Tuesday, July 29, 2014

Homelessness in San Francisco: Ten years later

Good two-part, front-page series on homelessness in the SF Chronicle last month, though the head on the hard-copy edition---"Why S.F.'s plan to end homelessness failed"---doesn't do justice to either the issue itself or the contents of the article (The head on the online version is a lot better: "A decade of homelessness: Thousands in S.F. remain in crisis").

In the first part, Heather Knight makes a big deal out of Gavin Newsom's wildly unrealistic promises about ending homelessness. (Recall that Newsom was also disappointed that as mayor he couldn't do much to end gun violence.)

A decade and roughly $1.5 billion later, the city has succeeded in moving 19,500 homeless people off its streets, roughly equivalent to relocating the entire Castro district. But despite that major effort, the homeless population hasn’t budged, showing that as one homeless person is helped, another takes his place.

Exactly. San Francisco isn't a city-state surrounded by walls or a moat. San Francisco is a destination not just for upscale tourists. The down-and-out and the marginal also head this way. This is not news (see this and this). Homelessness is a national problem. Mayor Lee understands that:

He[Mayor Lee] said San Francisco’s homeless problem would be far worse post recession if his administration had not been focused on it. He said the most recent homeless count’s findings that 39 percent were homeless somewhere else before coming to San Francisco points to the fact that the city attracts those seeking new opportunities---from the wealthiest tech titans to those most down on their luck.

Newsom is older and wiser now:

“There’s a mythology that you can---quote unquote---end homelessness at any moment, but there are new people coming in, suffering through the cycles of their lives,” he said. “It’s the manifestation of complete, abject failure as a society. We’ll never solve this at City Hall.”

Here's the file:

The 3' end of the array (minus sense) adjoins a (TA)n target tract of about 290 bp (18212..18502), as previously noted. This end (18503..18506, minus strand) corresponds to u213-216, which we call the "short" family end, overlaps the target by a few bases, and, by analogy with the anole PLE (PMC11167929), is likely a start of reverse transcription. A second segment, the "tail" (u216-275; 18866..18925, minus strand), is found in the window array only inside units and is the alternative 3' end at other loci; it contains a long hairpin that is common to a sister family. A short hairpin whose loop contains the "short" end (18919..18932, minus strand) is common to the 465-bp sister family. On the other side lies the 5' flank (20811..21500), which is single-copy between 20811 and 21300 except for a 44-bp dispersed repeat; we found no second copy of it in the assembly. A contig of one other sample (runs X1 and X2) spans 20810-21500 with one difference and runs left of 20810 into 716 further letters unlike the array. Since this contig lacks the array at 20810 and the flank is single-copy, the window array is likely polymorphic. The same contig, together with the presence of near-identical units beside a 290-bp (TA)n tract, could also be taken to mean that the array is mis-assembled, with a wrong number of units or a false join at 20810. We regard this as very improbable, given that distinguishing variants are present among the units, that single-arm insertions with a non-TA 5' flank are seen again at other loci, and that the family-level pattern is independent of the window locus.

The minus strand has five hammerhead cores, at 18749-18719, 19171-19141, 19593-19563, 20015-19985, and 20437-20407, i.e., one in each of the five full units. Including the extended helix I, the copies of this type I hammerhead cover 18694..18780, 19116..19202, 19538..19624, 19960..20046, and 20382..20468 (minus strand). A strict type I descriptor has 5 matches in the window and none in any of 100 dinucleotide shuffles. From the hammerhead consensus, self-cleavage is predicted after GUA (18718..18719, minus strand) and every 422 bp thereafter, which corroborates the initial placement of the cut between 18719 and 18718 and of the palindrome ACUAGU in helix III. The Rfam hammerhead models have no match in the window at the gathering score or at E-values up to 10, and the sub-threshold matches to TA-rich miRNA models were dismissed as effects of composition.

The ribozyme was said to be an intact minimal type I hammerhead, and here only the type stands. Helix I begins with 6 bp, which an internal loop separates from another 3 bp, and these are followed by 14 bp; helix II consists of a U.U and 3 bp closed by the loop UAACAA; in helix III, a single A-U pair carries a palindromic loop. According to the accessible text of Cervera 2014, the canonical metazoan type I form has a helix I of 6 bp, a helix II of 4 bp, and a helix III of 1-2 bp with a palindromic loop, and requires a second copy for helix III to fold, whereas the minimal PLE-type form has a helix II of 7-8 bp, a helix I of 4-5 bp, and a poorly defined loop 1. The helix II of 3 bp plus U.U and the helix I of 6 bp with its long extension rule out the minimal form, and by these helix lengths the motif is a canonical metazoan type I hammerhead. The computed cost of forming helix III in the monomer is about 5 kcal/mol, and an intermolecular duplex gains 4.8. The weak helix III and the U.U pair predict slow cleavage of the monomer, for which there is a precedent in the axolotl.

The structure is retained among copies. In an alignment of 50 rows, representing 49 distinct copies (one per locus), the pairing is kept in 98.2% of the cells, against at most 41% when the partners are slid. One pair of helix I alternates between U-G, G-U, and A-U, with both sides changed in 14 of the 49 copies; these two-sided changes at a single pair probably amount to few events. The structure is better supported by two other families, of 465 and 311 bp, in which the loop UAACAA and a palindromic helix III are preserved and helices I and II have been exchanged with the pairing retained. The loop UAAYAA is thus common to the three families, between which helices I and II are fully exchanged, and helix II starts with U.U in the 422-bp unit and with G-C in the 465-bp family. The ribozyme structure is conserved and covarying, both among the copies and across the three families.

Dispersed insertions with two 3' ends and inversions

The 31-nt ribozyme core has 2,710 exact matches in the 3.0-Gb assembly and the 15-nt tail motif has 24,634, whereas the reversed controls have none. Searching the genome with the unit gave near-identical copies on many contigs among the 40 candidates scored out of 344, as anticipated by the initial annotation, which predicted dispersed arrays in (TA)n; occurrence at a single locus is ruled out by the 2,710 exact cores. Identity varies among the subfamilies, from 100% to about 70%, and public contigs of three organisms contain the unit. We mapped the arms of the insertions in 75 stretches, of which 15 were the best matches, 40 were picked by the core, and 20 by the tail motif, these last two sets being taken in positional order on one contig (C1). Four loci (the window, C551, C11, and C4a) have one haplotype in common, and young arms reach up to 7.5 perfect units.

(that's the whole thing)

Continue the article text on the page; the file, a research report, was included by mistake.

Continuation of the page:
Later in the story, Knight acknowledges that the city has had some success:

In some ways, the plan worked. In the past 10 years, 11,362 homeless single adults have been housed. An additional 8,086 people have been sent home to a willing friend or family member through the Homeward Bound program, which pays for bus tickets out of San Francisco and back to their hometowns.

Another sign of progress is that homeless deaths are down significantly from ten years ago.

Good too to see Knight acknowledging the important role that the Bush Administration and Philip Mangano played in encouraging the supportive housing approach to homelessness. Mangano was President Bush's point man on homelessness. Malcolm Gladwell featured his effort in an essay in The Tipping Point, which is a good introduction to the theory and practice of supportive housing and homelessness. 

Mangano was at City Hall in 2004, with Mayor Newsom and Angela Alioto, when the Ten Year Plan was introduced (I was there, too, and I was able to get a hard copy of the Plan.)

Gladwell followed that up with Million Dollar Murray a few years later.

The reality is that all this city---or any major American city---can do is continue to cope with the homeless problem with practical, humane programs.

My favorite and the most cost-effective: Homeward Bound, which gives a homeless person a Greyhound ticket back to whence he/she came. Of course Jennifer Friedenbach of the Coalition on Homelessness, sneers at this program. San Francisco is apparently required to provide housing for everyone who becomes homeless in the city.

Alas, the rest of the homeless population is more difficult and expensive to deal with.

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At 11:37 AM, Anonymous Anonymous said...

Jennifer makes her living from homelessness. Why would she want to solve a problem that makes sure she has food on the table and pays her mortgage?

At 5:08 PM, Blogger Rob Anderson said...

Yes, and she's now been unofficially made a member of the city "family," even though she's opposed every city policy that tries to cope with homelessness.


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